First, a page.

African coffees tend towards the exotic in flavors as compared to the more well know Latin American coffees. These flavors include what’s described as fruity and floral with high acidity and medium body. Let’s review several of the more popular African coffee growing countries.
The king of African coffees, washed Arabica Kenya coffee, is considered overall to be of the highest quality on the continent as a result of years and years of production, very high standards, superior milling facilities and coffee experts. Located on the east coast of Africa, Kenya’s Mombasa port has been a natural focal point of commerce for ages. The famous Rift Valley of Central Kenya where most of the people live. A fertile land from the tropical coasts, semi-desert north and the savannahs in the south, Kenya’s agricultural products, primarily tea and coffee, contribute to half of the country’s exports.
The primary coffee growing regions are located around Mt. Kenya, just north of Nairobi, the country’s capital. This region has two distinct rainy seasons; the first is April-June which results in what’s called “fly crop” and the second is October-December with its increased rain produces the “main crop.”
Characteristics include a high acidity, full body, intense floral and fruity flavors.
Growing regions include: Meru, Kirinyaga, Muranga, Nyeri, Embu and several others.
By most accounts considered the birthplace of coffee, Ethiopia is located in northeast corner of Africa just north of Kenya, next to Somalia, Djibouti and Sudan. It is interesting to note that Ethiopia is the leading coffee consuming country in Africa, consuming almost half their annual production.
Ethiopian coffee is a prized coffee for its very unique flavors, most often a result of a combination of soil, terrain, weather and often the natural drying process of the coffee cherries in contrast to the washed processing of most Arabia coffees considered high quality Specialty varieties.
Characteristics depending on the variety may include: balanced medium body and acidity with winey sweet or floral flavors and blueberry notes.
The most popular varieties in the United States are Harar, Yirgacheffe and Sidamo.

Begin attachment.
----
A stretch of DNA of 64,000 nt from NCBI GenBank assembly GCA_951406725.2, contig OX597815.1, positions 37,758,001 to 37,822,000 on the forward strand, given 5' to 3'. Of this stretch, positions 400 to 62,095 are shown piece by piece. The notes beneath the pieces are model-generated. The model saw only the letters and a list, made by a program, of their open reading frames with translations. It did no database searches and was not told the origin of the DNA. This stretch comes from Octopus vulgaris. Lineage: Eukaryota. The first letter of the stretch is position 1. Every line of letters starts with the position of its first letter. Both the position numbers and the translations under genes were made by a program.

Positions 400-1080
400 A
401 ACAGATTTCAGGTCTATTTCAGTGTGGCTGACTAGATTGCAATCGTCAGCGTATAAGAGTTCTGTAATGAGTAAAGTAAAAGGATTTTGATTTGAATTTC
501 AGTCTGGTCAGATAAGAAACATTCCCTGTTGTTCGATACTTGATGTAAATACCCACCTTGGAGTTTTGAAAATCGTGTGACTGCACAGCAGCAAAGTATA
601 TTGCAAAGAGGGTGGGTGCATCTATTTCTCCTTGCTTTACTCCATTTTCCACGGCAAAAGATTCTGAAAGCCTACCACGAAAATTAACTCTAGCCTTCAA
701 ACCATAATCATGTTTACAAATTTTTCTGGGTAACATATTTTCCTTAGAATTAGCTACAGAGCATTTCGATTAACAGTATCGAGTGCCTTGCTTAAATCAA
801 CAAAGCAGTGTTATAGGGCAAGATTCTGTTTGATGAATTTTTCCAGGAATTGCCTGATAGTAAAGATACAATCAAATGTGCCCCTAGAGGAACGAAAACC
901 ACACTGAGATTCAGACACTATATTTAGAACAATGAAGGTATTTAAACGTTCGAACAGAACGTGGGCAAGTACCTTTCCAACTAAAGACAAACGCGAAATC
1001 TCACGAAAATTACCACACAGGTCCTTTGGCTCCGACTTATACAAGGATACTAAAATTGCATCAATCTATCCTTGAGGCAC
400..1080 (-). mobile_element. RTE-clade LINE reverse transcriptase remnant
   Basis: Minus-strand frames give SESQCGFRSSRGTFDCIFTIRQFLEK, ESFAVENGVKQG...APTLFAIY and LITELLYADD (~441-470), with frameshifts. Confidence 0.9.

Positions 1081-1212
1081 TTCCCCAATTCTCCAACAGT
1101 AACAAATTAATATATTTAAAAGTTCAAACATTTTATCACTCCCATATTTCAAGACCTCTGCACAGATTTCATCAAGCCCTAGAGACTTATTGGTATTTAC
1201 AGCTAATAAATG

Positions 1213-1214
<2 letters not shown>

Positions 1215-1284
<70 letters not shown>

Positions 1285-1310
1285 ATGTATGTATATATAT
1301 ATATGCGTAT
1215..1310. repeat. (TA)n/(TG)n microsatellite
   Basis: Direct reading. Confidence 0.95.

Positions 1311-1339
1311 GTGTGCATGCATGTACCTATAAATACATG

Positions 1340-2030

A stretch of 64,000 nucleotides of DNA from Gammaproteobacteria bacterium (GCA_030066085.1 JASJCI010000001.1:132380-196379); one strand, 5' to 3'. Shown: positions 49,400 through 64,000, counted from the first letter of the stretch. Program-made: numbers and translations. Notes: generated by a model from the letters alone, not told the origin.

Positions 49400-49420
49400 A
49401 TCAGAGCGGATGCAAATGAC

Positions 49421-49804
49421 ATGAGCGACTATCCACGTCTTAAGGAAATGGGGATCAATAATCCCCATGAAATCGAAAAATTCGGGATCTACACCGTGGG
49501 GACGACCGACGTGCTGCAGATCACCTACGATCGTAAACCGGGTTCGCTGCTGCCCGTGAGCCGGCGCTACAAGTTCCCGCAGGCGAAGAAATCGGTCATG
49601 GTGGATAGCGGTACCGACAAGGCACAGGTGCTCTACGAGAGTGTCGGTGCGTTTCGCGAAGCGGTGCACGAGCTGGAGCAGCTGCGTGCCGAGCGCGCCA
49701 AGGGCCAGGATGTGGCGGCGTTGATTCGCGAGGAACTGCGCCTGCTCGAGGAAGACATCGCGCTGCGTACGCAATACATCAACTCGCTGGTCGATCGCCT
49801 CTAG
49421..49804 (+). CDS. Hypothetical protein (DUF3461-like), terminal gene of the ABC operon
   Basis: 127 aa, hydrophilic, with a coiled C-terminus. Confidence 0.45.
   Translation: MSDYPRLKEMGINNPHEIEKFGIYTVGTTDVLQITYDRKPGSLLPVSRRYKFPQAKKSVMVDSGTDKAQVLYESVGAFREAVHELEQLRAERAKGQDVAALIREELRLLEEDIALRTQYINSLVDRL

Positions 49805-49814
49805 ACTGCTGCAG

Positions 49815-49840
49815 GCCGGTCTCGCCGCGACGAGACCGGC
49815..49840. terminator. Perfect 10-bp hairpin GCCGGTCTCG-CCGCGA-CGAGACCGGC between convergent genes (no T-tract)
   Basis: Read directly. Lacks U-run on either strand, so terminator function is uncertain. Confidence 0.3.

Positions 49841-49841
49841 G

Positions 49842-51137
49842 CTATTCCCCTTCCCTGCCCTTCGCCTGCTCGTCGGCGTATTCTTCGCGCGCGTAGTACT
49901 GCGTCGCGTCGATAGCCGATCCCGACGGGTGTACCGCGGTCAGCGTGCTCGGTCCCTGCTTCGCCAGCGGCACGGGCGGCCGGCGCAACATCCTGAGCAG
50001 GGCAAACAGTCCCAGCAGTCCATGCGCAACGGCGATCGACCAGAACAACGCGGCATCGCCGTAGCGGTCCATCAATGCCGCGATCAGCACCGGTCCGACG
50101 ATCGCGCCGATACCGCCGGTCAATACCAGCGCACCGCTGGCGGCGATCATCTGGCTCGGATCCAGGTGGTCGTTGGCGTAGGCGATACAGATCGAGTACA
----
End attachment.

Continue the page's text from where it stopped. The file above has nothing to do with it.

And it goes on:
The mainland is primarily a savannah plateau lying east of the famous Rift Valley, Tanzania includes the island of Zanzibar. In the north lie Mount Kilimanjaro and the Serengeti National Park. With its tropical climate people are concentrated on the coastal region and in the north. Coffee is one of its main exports. Tanzania has several regions, north, south and west where coffee growing is found.
These Arabica coffees are mostly of the washed and fully washed varieties with the harvest season extending from April through December.
Characteristics include a balanced body with bright acidity and flavor. In the south we find more fruity flavors.
Popular varieties include Kilamanjaro, Makambako, Songea and Bukoa.
This very small, but densely populated country borders Tanzania, Congo and Rwanda with a mountainous high plateau and tropical climate. A very poor country, most of its population survive through subsistence agriculture. Its coffee and tea earn 90% of its export dollars.
Primarily a washed Arabica variety, the harvest season extends from February through June.
Characteristics include a full body and bright acidity, typical of east African coffees. A long way from the ocean, processed coffee must be transported across land through Tanzania to the port of Dar es Salaam or through Kenya to Mombasa.
Like Burundi, Zambia is a landlocked country lying just north of Zimbabwe, but actually bordering seven countries in all. With its tropical climate and high savannah plateau, Zambia has a long rainy season which goes from November through May.
Although primarily an Agrarian country, its economy is dependent on mining Copper, but reserves are declining. As a result, the government is promoting agriculture and coffee production is increasing. The harvest season extends from October through March producing a full-bodied washed Arabica coffee with the general qualities of an average African variety.
Raising quality is a priority and government experimental farms are helping to improve growing, harvesting and production techniques that are being shared with the coffee growing community.
Another landlocked coffee growing country located at the southern end of the famous Rift Valley between Zambia and Tanzania, Malawi produces a small but good quality washed Arabica coffee harvest.
With a subtropical climate, its economy is primarily agricultural with 90% of the population living in rural communities. Although the country is a ward of the IMF and World Bank, independent coffee, tea, sugar and tobacco farmers are producing the main exports.
Coffee production is difficult as irrigation is required as a result of recent drought conditions and unpredictable rainfall. This situation restricts coffee production resulting in a small but quality coffee crop each year.
The washed Arabica beans are processed as fully washed coffee harvested from April through September producing a coffee of medium acidity and light body.